Mrs PHILLIPS: We've heard that SMRs can be delivered at a lower cost than existing nuclear technologies; however, we've also heard that planned SMRs in France, the UK and the US have involved significant delays and big cost blow-outs. Would you agree with that?

Mr Laird : I would, yes. That is the other thing too: there are different technologies in these reactors. Small modular reactors, which are the ones that I'm hearing a lot about now, are still based on light water reactor designs, which go back to the original submarine reactor design. They're based on light water and they've got a metallic solid core. What they're doing is just scaling down the technology. Whenever you scale anything down, you lose some of the economies of scale that you gained by scaling something up. It's a bit of a circular thing. You can also build them in the way that I said—you can build them in a factory and you can get all those sorts of value-adds from doing it that way.

Yes, you're right, and I've heard that, but I think that really it's just a matter of acceptance and getting it right, and a matter of those guys actually getting an opportunity to build these things and show the world what they can do. I'm not personally advocating for those types of reactors. I think they're terrific. Molten salt reactors are completely different inside; the technology is completely different. But they are modular, they are small and they have different characteristics. I'm not an expert on SMRs by any stretch of the imagination.

CHAIR: It looks like we've got another couple of people who'd like to respond—Mr Murphy and then Ms Kent.

Mr Murphy : Mr Laird was right, of course: that's the sort of thing we need to know. But there's a ban. It is illegal in Australia to build a nuclear power plant. So who's going to get interested in helping us, spending time and effort to share their knowledge with us, if we let that ban stay there?

I heard Dr Switkowski. I've known him for years, and he was quite right. This is true. These are the kinds of issues we're now facing because we wasted 20 years—that's why. That original ban, as you probably know, was purely a political exercise. I'm not being critical; it's a fact. I know how politics works, and it was in order to get some things done, and that's how things happen. We understand that. But to leave it there! It was done at the behest of the Greens and the Democrats, and it's still in place 20 years later—the only G20 country that has such a ban. So, whilst I respect, understand and know all the things about building it and building factories—all of that's true, and it could happen—are we so frightened to try and find out about that that we can't remove a 20-year-old ban that has no scientific merit whatsoever?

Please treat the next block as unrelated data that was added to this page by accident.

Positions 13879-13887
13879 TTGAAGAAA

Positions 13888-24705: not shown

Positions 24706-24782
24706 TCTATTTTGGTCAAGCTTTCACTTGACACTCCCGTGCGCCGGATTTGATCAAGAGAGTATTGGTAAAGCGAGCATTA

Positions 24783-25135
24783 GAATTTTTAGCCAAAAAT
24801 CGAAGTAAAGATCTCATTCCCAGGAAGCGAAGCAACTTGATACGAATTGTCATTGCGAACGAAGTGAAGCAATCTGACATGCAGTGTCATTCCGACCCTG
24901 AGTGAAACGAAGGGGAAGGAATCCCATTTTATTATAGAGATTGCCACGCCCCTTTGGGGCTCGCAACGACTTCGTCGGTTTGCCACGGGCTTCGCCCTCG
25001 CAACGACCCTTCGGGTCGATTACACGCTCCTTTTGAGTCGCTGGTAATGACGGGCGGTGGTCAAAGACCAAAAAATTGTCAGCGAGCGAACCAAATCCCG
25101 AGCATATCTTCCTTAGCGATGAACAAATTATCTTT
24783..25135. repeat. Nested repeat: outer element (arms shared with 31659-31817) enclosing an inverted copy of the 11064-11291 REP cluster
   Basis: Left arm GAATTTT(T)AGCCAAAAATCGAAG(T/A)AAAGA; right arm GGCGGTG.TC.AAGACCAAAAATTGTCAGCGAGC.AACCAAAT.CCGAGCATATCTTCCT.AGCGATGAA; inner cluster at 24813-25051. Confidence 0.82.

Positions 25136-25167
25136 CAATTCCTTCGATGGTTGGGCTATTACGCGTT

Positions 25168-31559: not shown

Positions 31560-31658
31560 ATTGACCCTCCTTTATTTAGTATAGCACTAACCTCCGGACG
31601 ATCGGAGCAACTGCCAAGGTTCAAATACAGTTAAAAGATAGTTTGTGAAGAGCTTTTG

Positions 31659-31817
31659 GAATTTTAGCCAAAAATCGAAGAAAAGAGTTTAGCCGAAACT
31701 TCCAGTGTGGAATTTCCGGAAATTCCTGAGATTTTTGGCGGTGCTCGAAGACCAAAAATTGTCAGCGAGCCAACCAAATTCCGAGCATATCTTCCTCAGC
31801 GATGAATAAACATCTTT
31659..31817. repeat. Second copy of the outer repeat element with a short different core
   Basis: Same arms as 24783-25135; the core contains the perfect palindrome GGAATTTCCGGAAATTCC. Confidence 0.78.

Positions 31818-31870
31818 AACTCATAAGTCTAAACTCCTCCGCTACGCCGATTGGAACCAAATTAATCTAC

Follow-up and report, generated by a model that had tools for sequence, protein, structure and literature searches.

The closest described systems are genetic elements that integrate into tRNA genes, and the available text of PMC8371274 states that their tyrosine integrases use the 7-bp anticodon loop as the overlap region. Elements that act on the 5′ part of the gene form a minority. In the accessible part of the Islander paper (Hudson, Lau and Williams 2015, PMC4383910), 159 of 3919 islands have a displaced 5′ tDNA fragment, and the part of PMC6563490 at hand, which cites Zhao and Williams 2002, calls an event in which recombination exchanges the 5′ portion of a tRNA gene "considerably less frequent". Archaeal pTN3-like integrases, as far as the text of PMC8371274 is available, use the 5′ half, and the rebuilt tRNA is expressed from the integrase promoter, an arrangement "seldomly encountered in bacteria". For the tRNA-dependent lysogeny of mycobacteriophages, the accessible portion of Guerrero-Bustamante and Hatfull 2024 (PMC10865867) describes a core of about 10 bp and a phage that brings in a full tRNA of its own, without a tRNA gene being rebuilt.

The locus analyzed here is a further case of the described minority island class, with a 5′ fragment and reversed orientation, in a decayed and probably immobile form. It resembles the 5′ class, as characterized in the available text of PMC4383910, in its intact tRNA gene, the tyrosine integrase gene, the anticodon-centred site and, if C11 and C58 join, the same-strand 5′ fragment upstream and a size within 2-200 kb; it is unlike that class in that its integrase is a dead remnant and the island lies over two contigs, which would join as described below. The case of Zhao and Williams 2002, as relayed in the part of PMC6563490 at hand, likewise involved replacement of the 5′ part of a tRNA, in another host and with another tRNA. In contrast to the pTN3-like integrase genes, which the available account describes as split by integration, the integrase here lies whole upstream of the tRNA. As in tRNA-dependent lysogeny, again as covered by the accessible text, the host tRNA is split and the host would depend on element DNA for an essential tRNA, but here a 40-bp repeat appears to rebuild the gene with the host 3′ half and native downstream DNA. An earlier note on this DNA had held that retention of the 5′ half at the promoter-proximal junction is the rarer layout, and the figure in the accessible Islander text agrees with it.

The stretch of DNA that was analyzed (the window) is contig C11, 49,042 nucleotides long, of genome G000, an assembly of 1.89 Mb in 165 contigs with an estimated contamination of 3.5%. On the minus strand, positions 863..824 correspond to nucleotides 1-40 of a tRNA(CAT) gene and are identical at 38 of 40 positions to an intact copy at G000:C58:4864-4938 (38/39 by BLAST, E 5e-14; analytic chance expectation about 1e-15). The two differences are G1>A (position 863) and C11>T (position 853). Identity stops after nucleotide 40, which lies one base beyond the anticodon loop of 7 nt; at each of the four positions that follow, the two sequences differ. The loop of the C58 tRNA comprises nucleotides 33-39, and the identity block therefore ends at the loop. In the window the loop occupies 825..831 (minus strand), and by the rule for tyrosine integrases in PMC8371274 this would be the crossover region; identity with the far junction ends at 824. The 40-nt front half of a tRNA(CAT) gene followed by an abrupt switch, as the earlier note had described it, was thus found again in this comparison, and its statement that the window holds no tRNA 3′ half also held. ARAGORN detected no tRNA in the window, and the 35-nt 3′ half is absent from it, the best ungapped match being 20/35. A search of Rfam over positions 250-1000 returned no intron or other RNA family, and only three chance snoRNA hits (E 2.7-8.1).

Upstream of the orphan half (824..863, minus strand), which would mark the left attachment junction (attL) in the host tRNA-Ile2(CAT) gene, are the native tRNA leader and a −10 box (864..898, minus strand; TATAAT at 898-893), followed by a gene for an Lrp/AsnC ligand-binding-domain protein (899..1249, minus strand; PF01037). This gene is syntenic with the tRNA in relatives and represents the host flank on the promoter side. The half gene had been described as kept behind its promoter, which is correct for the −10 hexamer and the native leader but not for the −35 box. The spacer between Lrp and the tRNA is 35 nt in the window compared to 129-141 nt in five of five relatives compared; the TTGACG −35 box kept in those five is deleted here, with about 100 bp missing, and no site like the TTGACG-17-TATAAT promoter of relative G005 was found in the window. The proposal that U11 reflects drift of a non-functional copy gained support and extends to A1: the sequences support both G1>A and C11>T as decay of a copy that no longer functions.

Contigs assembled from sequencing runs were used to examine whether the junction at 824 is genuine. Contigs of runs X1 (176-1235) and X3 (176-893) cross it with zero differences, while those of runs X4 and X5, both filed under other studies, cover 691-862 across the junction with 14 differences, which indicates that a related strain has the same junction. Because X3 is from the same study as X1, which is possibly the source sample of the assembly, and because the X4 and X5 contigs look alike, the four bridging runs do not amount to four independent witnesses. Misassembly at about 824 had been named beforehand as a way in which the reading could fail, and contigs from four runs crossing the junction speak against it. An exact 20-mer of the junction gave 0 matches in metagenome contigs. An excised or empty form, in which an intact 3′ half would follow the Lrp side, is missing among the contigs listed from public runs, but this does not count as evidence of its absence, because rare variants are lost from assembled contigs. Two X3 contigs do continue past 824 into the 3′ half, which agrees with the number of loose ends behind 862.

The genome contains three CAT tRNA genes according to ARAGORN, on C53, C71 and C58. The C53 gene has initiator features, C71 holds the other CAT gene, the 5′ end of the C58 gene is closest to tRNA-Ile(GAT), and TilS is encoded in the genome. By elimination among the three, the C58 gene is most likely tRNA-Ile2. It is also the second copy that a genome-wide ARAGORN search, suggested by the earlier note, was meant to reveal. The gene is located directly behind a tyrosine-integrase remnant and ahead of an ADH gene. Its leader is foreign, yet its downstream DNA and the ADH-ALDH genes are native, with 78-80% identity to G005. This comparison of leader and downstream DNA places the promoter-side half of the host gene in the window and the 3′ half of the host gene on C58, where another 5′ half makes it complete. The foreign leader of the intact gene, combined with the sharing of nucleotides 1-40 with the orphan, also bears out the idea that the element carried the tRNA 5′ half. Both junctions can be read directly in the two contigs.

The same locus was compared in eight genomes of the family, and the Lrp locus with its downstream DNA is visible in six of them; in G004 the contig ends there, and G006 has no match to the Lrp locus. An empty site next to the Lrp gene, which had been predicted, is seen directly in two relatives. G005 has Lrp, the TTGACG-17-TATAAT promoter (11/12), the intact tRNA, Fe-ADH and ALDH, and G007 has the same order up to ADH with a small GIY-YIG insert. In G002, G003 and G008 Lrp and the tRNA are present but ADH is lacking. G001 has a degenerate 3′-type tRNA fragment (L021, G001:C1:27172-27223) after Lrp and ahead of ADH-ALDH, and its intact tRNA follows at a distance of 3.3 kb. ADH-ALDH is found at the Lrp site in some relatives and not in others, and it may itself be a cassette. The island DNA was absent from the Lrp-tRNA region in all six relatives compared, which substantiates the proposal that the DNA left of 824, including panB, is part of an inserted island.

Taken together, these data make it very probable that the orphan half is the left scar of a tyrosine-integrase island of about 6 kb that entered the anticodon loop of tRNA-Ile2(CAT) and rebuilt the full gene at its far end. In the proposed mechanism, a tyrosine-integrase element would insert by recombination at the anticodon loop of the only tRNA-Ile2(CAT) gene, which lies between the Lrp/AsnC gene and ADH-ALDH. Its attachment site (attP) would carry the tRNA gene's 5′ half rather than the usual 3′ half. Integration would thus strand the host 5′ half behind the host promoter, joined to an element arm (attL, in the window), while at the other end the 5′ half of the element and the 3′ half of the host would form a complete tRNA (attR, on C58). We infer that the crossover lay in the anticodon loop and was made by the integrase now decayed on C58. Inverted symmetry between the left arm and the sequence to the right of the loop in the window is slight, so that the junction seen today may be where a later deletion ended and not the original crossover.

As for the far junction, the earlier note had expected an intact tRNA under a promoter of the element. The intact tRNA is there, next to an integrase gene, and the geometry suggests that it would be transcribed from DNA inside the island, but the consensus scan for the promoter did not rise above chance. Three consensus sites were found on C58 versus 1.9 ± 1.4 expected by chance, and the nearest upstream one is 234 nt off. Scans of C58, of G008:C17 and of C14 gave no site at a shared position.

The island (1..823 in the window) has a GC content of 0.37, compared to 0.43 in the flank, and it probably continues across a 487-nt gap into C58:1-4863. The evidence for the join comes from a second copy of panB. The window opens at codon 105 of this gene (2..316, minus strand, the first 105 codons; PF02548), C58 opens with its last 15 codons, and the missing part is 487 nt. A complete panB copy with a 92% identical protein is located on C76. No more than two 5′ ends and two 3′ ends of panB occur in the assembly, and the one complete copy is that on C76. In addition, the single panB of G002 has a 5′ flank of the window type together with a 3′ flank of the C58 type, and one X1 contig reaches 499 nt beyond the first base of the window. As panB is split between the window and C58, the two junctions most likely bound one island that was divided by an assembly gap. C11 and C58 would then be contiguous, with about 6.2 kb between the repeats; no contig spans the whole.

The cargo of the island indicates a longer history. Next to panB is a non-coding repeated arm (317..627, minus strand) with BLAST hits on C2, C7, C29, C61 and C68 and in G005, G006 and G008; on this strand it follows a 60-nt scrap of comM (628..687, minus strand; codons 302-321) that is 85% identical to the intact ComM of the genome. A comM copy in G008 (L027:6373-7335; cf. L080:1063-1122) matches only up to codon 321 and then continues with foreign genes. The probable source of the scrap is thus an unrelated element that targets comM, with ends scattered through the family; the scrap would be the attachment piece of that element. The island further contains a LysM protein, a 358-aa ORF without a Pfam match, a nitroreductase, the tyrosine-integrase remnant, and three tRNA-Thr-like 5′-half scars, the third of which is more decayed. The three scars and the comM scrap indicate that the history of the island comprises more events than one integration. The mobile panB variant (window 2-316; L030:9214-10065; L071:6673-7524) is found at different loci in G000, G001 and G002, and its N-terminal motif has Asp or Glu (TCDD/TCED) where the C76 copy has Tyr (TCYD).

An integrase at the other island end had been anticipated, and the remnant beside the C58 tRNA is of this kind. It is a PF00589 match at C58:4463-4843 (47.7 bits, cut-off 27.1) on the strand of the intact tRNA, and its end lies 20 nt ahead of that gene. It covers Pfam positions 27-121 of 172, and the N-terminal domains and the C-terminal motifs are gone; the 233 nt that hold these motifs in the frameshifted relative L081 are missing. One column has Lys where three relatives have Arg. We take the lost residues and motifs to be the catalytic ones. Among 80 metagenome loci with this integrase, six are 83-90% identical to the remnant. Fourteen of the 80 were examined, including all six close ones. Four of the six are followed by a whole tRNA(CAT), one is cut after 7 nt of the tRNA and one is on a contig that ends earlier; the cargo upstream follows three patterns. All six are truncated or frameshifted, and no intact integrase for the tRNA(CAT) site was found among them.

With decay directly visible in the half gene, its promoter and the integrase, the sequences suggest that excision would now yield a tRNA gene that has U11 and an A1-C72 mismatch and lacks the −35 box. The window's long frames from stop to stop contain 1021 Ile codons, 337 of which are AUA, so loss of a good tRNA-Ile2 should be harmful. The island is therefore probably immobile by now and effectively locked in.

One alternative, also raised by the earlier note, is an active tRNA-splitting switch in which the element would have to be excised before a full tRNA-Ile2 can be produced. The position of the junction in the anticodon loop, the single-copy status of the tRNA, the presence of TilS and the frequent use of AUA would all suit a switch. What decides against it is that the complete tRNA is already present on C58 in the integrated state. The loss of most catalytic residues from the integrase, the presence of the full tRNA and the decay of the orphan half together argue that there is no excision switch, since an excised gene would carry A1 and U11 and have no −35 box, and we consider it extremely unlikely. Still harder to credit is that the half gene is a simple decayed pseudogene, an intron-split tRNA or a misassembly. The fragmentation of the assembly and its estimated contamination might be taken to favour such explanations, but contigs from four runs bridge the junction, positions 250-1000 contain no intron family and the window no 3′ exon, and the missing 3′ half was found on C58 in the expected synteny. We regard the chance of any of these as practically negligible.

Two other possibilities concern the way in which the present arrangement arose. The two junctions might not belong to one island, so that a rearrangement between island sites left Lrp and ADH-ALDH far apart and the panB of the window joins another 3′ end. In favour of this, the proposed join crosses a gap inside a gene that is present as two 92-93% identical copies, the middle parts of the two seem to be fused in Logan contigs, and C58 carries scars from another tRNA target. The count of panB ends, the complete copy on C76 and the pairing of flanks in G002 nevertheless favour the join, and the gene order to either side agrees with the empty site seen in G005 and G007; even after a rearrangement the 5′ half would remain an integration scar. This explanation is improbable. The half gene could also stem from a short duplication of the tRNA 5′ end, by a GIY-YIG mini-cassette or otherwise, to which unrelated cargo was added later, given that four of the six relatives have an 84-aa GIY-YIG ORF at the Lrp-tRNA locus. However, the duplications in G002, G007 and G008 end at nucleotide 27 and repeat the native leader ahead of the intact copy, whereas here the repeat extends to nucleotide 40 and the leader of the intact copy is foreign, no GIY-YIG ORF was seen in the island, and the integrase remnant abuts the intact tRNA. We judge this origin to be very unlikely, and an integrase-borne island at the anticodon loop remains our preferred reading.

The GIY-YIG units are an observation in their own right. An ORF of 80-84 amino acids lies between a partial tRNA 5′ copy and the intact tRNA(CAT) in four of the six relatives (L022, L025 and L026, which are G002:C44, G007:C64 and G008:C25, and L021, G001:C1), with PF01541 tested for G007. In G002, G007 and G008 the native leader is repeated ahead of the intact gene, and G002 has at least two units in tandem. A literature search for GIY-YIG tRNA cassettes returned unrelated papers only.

Miss Kemp : On the time limits, I advise the committee to look at ThorCon's Indonesian customer. At present their timescale is, I believe, smaller than 10 years. I would be happy to submit additional written information to that effect if that is required.

CHAIR: That would be appreciated if you can, Miss Kemp. Thank you.

Dr Higson : If we go on saying it will take too long to build a nuclear power station, in 10 years time we'll still be saying it'll take too long. We've got to get on with it. On the question of cost, first of all, of course there's been some very bad publicity in the last few years from a couple of first-of-a-kind projects in the USA which went very badly askew on schedule and cost. There are some particular reasons why that happened, and you can't argue from the particular to the general. As we heard earlier this afternoon, the Chinese are moving ahead very fast with exactly the same types of reactors, building them on schedule. A South Korean company has built a huge nuclear power station—nearly five gigawatts, with four reactors—in the United Arab Emirates on schedule and on cost. It can be done.